ORIGINAL RESEARCH article

Front. Plant Sci., 06 September 2021
Sec.Plant Pathogen Interactions
https://doi.org/10.3389/fpls.2021.703712

The Algal Polysaccharide Ulvan Induces Resistance in Wheat Against Zymoseptoria tritici Without Major Alteration of Leaf Metabolome

Marlon C. de Borba1,2, Aline C. Velho1,3, Alessandra Maia-Grondard4, Raymonde Baltenweck4, Maryline Magnin-Robert3, Béatrice Randoux3, Maxime Holvoet2, Jean-Louis Hilbert2, Christophe Flahaut2, Philippe Reignault3, Philippe Hugueney4, Marciel J. Stadnik1*† and Ali Siah2*†
  • 1Laboratory of Plant Pathology, Agricultural Science Center (UFSC-CCA), Federal University of Santa Catarina, Florianópolis, Brazil
  • 2Joint Research Unit N° 1158 BioEcoAgro, ULCO, INRAE, University of Lille, Université Liège, UPJV, University of Artois, Lille, France
  • 3Unité de Chimie Environnementale et Interactions sur le Vivant (EA 4492), Université du Littoral Côte d’Opale, Calais, France
  • 4INRAE, SVQV UMR-A1131, Université de Strasbourg, Colmar, France

This study aimed to examine the ability of ulvan, a water-soluble polysaccharide from the green seaweed Ulva fasciata, to provide protection and induce resistance in wheat against the hemibiotrophic fungus Zymoseptoria tritici. Matrix-assisted laser desorption/ionization-time-of-flight-mass spectrometry (MALDI-TOF-MS) analysis indicated that ulvan is mainly composed of unsaturated monosaccharides (rhamnose, rhamnose-3-sulfate, and xylose) and numerous uronic acid residues. In the greenhouse, foliar application of ulvan at 10 mg.ml–1 2 days before fungal inoculation reduced disease severity and pycnidium density by 45 and 50%, respectively. Ulvan did not exhibit any direct antifungal activity toward Z. tritici, neither in vitro nor in planta. However, ulvan treatment significantly reduced substomatal colonization and pycnidium formation within the mesophyll of treated leaves. Molecular assays revealed that ulvan spraying elicits, but does not prime, the expression of genes involved in several wheat defense pathways, including pathogenesis-related proteins (β-1,3-endoglucanase and chitinase), reactive oxygen species metabolism (oxalate oxidase), and the octadecanoid pathway (lipoxygenase and allene oxide synthase), while no upregulation was recorded for gene markers of the phenylpropanoid pathway (phenylalanine ammonia-lyase and chalcone synthase). Interestingly, the quantification of 83 metabolites from major chemical families using ultra-high-performance liquid chromatography-mass spectrometry (UHPLC-MS) in both non-infectious and infectious conditions showed no substantial changes in wheat metabolome upon ulvan treatment, suggesting a low metabolic cost associated with ulvan-induced resistance. Our findings provide evidence that ulvan confers protection and triggers defense mechanisms in wheat against Z. tritici without major modification of the plant physiology.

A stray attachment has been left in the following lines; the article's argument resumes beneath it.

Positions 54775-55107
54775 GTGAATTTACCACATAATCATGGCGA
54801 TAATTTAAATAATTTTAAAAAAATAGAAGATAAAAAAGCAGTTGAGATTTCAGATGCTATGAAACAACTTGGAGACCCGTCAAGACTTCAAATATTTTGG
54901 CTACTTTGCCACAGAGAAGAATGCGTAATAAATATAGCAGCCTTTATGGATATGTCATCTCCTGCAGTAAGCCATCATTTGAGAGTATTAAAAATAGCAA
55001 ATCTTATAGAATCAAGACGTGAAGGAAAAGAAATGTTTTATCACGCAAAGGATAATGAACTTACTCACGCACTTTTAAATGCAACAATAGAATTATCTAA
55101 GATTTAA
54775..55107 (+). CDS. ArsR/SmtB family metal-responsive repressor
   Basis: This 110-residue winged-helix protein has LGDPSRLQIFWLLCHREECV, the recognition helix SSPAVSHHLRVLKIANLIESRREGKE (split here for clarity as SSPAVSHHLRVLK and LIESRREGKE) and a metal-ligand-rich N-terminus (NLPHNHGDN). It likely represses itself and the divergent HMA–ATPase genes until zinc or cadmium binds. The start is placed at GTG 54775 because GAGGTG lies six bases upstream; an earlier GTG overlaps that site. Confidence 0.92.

Introduction

The Septoria tritici blotch, caused by the hemibiotrophic fungus Zymoseptoria tritici, is one of the most devastating diseases of wheat (Triticum aestivum L.) worldwide (Fones and Gurr, 2015). The reduction in the photosynthetic leaf area caused by the disease can lead to yield losses of up to 50% or 5–10% when integrated disease management is implemented (Fones and Gurr, 2015). Currently, disease control mainly relies on the use of conventional fungicides (Torriani et al., 2015) and partially resistant cultivars (Ors et al., 2018). However, due to the high genetic diversity and adaptability of Z. tritici, the fungus frequently develops resistance to fungicides and often overcomes host resistance, making it one of the most difficult plant pathogens to control (Fones and Gurr, 2015; Torriani et al., 2015). Hence, looking for complementary alternatives, such as the use of plant resistance inducers from natural origin, has been recognized as an eco-friendly strategy to control the STB disease, thus contributing to safer food production.